Can you describe your role at Cisco? 

I’m a Global Program Manager. I focus mostly on content development and delivery of different programs within our worldwide sales and partner enablement organization. I focus mostly on new hires and early-in-career employees.

The Cisco Sales Associate Training Program (CSAP) is our keystone program along with the Partner Sales Academy (PSA). We also have a new hire acceleration program (SNAP) and a new internship program for university students.

What learners do you use Knowledge Guru games with?

We first introduced Sales Guru (the name we gave our Knowledge Guru games) games for sales associates and engineers in the CSAP program. It’s used as a reinforcement tool.

We now have Sales Guru games for the SNAP new hire acceleration program. While the games are a reinforcement tool in the CSAP program, for SNAP we use it as an assessment tool. You’d think it was daunting to use it as an assessment tool… but SNAP associates already have experience selling, so it’s a more mature audience. They can play the game as often as they want until they pass.

How are the games part of a learning solution? What other pieces are involved in the training?

In CSAP, the associate goes through synchronous classroom training. This training is taught by a virtual facilitator. The facilitator uses Cisco Telepresence to give the virtual instructor-led training. For example, associates take Data Center as a six-day module. Every day they have 3.5 hours of training, and at the end of Day one the facilitator tells them to play the Sales Guru game in preparation for the next day. There is a schedule posted on the LMS where associates can see exactly when they need to play each game.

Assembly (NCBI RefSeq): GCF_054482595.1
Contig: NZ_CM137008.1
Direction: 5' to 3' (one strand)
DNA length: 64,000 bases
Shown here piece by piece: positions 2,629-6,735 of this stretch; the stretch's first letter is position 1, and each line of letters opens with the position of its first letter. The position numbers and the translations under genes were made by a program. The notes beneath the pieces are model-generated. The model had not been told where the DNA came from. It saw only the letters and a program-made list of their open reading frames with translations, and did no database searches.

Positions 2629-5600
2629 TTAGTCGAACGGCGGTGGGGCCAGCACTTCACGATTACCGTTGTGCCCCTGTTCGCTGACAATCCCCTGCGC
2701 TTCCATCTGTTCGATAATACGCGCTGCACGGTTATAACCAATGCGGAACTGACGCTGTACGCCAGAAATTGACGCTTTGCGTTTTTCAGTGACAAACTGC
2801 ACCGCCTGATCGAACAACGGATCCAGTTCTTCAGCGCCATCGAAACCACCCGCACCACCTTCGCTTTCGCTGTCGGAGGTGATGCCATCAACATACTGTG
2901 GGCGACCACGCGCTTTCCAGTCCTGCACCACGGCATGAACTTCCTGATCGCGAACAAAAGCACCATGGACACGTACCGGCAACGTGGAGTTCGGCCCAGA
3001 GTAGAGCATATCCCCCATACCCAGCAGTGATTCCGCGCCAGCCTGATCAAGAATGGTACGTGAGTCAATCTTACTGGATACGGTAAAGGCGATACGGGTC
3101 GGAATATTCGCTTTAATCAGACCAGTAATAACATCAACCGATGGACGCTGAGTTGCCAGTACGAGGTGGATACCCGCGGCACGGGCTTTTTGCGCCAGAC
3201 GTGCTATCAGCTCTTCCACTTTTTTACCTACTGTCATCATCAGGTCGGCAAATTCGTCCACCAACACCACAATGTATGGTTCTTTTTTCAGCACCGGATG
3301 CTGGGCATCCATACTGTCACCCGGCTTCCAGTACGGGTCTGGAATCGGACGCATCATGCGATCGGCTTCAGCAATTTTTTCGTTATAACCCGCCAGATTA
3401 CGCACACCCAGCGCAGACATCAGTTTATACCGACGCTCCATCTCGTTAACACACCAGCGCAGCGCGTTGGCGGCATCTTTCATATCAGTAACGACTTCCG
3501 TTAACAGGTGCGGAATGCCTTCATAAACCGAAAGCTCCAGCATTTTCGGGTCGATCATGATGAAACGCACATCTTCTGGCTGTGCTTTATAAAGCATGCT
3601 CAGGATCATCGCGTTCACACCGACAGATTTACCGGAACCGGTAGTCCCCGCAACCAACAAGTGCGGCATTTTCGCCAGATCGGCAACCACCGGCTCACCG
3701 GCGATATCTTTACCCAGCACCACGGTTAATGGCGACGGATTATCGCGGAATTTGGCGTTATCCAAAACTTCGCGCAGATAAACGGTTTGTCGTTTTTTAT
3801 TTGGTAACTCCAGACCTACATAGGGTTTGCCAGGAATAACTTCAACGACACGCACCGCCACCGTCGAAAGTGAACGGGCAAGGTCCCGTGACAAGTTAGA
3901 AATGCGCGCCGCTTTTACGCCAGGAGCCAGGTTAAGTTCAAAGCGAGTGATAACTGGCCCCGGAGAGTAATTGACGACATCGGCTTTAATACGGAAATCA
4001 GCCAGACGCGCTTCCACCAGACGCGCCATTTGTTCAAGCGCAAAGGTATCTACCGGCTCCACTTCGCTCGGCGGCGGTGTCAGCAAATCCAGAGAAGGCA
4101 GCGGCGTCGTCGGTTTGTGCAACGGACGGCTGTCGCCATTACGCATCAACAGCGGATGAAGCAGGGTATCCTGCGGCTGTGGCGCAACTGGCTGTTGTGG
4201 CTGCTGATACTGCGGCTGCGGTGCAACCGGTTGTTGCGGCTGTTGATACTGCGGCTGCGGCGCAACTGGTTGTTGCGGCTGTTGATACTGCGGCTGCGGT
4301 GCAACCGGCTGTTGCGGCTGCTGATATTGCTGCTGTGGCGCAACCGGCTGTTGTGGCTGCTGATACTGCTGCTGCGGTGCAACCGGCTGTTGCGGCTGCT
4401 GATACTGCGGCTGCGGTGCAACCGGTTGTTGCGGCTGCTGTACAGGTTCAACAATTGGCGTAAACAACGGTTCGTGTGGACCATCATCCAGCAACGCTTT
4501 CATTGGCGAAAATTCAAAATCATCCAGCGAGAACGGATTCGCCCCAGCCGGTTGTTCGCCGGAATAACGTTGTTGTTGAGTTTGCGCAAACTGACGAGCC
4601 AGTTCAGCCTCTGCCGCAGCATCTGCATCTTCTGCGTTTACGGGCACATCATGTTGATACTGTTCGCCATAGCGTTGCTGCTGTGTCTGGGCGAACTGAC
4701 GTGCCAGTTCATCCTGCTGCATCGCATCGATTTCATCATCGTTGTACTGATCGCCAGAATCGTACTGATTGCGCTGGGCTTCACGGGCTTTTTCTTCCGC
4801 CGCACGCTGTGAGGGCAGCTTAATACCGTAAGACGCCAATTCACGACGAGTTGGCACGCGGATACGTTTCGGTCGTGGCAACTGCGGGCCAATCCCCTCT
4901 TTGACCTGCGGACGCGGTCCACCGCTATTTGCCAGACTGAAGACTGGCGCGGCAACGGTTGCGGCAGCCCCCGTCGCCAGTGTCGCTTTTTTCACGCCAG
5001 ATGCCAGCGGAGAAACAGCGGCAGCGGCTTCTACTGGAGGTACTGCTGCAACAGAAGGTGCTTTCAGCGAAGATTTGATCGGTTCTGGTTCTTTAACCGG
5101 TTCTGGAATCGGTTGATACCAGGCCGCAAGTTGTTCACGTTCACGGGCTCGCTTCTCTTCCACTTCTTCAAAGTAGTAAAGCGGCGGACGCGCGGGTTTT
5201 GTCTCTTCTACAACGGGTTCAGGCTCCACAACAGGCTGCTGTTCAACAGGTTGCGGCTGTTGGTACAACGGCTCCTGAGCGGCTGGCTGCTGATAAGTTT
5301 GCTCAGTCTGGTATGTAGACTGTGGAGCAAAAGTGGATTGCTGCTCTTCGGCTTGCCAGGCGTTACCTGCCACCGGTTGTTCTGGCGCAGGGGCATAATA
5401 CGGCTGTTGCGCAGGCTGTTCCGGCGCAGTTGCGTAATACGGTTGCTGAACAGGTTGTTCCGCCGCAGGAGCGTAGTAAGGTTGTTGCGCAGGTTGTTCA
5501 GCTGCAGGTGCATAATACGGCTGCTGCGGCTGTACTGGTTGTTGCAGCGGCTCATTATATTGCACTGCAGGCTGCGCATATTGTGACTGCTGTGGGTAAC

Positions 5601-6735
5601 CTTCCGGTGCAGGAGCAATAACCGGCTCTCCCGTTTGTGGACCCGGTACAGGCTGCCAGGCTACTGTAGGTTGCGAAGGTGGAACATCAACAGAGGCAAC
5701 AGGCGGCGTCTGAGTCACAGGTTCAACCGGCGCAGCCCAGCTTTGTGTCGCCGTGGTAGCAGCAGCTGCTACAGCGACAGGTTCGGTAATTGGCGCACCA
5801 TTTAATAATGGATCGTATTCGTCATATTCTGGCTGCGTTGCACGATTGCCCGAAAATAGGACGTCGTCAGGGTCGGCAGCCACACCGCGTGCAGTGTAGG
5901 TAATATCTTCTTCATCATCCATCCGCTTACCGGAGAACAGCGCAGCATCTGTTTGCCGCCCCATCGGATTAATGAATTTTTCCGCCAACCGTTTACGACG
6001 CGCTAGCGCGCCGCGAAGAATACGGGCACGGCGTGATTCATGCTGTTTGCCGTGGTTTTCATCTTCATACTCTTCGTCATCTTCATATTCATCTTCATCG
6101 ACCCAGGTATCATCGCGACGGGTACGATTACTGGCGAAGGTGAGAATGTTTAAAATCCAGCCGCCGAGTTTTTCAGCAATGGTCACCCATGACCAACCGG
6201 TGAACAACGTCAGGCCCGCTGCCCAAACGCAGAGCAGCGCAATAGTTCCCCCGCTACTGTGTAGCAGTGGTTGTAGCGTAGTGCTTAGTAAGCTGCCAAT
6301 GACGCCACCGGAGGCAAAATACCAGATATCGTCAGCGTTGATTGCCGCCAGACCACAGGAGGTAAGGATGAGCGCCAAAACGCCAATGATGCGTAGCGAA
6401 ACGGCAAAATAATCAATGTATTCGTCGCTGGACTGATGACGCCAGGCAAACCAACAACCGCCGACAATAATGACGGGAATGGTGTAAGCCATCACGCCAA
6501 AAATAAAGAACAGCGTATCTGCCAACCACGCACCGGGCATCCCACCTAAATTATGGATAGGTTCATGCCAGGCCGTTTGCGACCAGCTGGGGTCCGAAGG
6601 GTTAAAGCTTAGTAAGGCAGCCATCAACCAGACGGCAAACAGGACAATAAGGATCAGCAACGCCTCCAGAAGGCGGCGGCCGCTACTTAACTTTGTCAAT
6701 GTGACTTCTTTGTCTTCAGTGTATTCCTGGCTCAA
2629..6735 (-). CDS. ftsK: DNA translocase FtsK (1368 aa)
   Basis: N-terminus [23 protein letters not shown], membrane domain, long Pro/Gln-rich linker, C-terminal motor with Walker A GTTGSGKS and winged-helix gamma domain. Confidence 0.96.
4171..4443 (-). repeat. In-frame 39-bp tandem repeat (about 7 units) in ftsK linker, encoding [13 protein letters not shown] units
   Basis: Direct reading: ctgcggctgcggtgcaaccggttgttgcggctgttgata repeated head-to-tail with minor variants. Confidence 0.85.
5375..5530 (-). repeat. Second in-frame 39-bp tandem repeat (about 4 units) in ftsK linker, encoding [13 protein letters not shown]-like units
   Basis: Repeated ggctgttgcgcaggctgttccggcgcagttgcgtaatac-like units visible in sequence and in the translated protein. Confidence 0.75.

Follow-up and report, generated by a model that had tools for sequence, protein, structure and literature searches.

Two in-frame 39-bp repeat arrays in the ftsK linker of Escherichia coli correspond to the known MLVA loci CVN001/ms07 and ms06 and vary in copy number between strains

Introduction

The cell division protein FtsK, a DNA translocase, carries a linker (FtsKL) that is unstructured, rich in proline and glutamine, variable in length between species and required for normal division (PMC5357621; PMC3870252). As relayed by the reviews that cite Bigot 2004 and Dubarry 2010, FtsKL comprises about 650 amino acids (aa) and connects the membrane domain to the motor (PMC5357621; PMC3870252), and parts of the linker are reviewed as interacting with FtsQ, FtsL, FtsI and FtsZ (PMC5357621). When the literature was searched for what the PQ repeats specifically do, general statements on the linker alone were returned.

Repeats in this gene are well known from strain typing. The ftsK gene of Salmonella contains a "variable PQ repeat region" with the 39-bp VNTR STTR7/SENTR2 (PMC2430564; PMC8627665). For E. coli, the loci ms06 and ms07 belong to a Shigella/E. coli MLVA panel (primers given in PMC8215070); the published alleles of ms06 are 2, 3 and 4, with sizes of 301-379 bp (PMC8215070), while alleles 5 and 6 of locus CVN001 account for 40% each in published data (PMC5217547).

During each module, associates play part of the game at the end of day one, three and five. There is a frequency by which they are expected to play the game before they do the next one… which is part of how we use the repetition. 

At the end of every technical module, we have “technical office hours” where the trainer goes through the entire module in summary format. The Sales Guru prepares associates for the assessment they take at the end of the module.

SNAP is an asynchronous virtual program. People go through a series of eLearning modules. For most of the technical eLearning modules, they have a Sales Guru game attached to each of them as a final assessment.

Was there a challenge you hoped to address by implementing Knowledge Guru games into the curriculum? 

There are lots of highly technical concepts in the solutions we offer that are difficult to assimilate. Associates struggled a lot to understand these concepts. We felt that, through Knowledge Guru’s use of spaced repetition, we could teach the associates and engineers better.

We first launched the game with our toughest topic of all: “Data center.” Little by little, we rolled it out to other technologies. Knowledge Guru is a reinforcement tool for all of the technologies in the program.

What do you want the learners to know or do after playing?  

We want them to be able to assimilate the technical content they learned in the module and pass their technical exam.

You mentioned to me that many of your learners are virtual. How have you worked to engage and connect learners with technology throughout the program, and how does Knowledge Guru fit into that effort?

We use Cisco TelePresence and Cisco WebEx to virtually facilitate the CSAP training. The Knowledge Guru games are launched from the LMS along with the rest of the program materials. We teach the learners virtually so that multiple locations throughout Europe can all be taught by the same facilitator.